Communication Theory (Influence + Social Judgement theory)

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  • The larger the discrepancy between a speaker’s position and a listener’s point of view, the greater the change in attitude—as long as the message is within the hearer's latitude of acceptance. High ego-involvement usually indicates a wide latitude of rejection. Messages that fall there may have a boomerang effect. (Socio-psychological tradition)
  • Getting a person to play a role in an unfamiliar situation can be a powerful method of influence
  • Perception and evaluation of an idea by comparing it with current attitudes
  • Acceptance: Range of ideas that a person sees as reasonable of worthy of consideration
    Rejection: Range of ideas that a person sees as unreasonable or objectionable
    Non-Commitment: Range of ideas that a person sees as neither acceptable or objectionable
  • Often demonstrated by membership in a group with a known stand
  • Two step mental process that is triggered what a person hears or reads a message.
    Judgement - Evaluate the content of the message to see where it falls vis-a-vis your own position
    Discrepancy & Attitude Change - How will you adjust your anchored attitude toward or away from the message encountered.
  • We use our anchored position as a comparison point when we hear a discrepant message.
    Contrast: Perceptual error whereby people judge messages that fall within their latitude of rejection as further from their anchor than they really are
    Assimilation: Perceptual error whereby people judge messages that fall within their latitude of acceptance as less discrepant from their anchor than they really are
  • See Boomerang effect
  • See research on drinking. Griffin. 202
  • Communication Theory (Influence + Social Judgement theory)

    1. 1. Influence & Social Judgement Theory Tara Wilkinson-McClean. PhD Candidate Media + Communications Lecturer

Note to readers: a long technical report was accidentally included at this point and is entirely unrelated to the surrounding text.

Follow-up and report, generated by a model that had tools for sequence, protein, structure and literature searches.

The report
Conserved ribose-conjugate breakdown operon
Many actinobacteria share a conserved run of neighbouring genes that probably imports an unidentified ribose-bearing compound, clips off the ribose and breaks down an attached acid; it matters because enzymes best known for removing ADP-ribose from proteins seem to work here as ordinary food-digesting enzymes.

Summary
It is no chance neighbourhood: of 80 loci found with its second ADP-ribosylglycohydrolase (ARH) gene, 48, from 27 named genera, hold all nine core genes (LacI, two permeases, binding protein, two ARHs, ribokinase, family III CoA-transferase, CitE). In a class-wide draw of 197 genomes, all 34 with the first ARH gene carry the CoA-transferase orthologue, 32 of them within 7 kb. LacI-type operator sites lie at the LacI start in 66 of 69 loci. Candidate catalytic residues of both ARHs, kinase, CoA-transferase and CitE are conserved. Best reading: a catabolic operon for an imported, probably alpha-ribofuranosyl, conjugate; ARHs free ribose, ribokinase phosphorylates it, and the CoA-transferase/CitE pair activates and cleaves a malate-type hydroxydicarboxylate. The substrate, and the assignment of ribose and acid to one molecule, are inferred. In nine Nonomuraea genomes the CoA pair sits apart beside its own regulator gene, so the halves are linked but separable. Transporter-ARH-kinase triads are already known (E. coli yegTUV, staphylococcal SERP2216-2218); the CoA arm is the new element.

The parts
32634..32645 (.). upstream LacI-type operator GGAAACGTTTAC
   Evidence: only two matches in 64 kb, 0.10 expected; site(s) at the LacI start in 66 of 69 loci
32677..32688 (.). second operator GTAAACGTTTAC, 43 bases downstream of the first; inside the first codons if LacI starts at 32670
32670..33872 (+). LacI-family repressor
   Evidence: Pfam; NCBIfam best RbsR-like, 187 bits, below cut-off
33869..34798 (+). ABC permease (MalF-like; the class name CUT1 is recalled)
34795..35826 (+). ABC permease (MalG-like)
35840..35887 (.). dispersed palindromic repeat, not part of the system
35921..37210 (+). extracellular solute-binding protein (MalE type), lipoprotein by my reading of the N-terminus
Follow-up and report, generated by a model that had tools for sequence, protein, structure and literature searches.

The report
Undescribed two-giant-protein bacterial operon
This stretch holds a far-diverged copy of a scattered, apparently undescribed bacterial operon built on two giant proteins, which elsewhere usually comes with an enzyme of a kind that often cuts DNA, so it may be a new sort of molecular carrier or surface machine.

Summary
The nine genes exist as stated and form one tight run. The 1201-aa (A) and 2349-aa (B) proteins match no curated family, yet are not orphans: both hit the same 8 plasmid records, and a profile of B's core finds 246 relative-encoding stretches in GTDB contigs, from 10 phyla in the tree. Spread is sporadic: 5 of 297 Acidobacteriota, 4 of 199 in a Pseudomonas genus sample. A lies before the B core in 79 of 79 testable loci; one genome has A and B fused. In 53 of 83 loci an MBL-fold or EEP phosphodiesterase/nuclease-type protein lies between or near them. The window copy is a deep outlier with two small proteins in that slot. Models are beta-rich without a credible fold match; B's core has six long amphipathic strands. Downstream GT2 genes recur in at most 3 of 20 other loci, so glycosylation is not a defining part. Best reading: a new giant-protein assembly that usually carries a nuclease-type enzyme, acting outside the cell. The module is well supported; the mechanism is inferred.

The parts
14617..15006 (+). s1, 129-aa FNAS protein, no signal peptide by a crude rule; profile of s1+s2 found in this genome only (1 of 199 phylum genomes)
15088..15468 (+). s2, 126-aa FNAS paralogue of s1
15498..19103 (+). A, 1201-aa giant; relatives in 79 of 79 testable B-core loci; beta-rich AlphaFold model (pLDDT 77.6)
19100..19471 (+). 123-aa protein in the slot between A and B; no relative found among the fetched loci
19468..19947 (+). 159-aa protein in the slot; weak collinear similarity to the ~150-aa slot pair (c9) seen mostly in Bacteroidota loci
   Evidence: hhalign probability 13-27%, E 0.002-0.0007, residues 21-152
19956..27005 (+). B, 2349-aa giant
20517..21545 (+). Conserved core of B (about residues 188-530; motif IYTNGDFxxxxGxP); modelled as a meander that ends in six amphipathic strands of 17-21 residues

2. 2. Influence • Immediacy • Personal Involvement • Nonverbal Messages
    3. 3. Social Judgement Theory - Key Words • Social Judgement Involvement • Latitude of Acceptance • Latitude of Rejection • Latitude of Non-commitment • Ego Involvement • Contrast • Assimilation • Boomerang Effect
    4. 4. Social Judgement Involvement “We weigh every new idea by comparing it with our present point of view”
    5. 5. Latitude of Attitude Accepta nce Rejectio n Non Commit ment
    6. 6. Ego Involvement Importance or centrality of an issue in a person’s life
    7. 7. Two Step Mental Process Judging the Message 2 Step Mental Process Discrepa ncy & Attitude Change Occurs Below Consciousnes s
    8. 8. Contrast vs. Assimilation Contrast Assimilati on
    9. 9. Latitude of Acceptance If we judge a message to be within our latitude of acceptance. We will adjust our attitude somewhat to accommodate the new input. The persuasive effect will be positive but partial. We won’t travel the whole distance, but there will be some measurable movement toward the speaker’s perceived position.
    10. 10. Latitude of Rejection If we judge a message to be within our latitude of rejection. We will adjust our attitude away from what the speaker is advocating. Since people who are highly ego-involved in a topic have a broad range of rejection, most messages aimed to persuade them are in danger of actually driving them further away.
    11. 11. Boomerang Effect Attitude change in the opposite direction of what the message advocates; listeners driven away from rather than drawn to an idea.
    12. 12. Reference Groups The only way to stimulate large-scale change is through a series of small, successive movements. Persuasion is a gradual process. It’s also a social process.
    13. 13. Pluralistic Ignorance The mistaken idea that everyone else is doing or thinking something that they aren’t
    14. 14. Critique • Practical Utility • Prediction of Future • Explanation of Data • Quantitative Research • Testable Hypothesis

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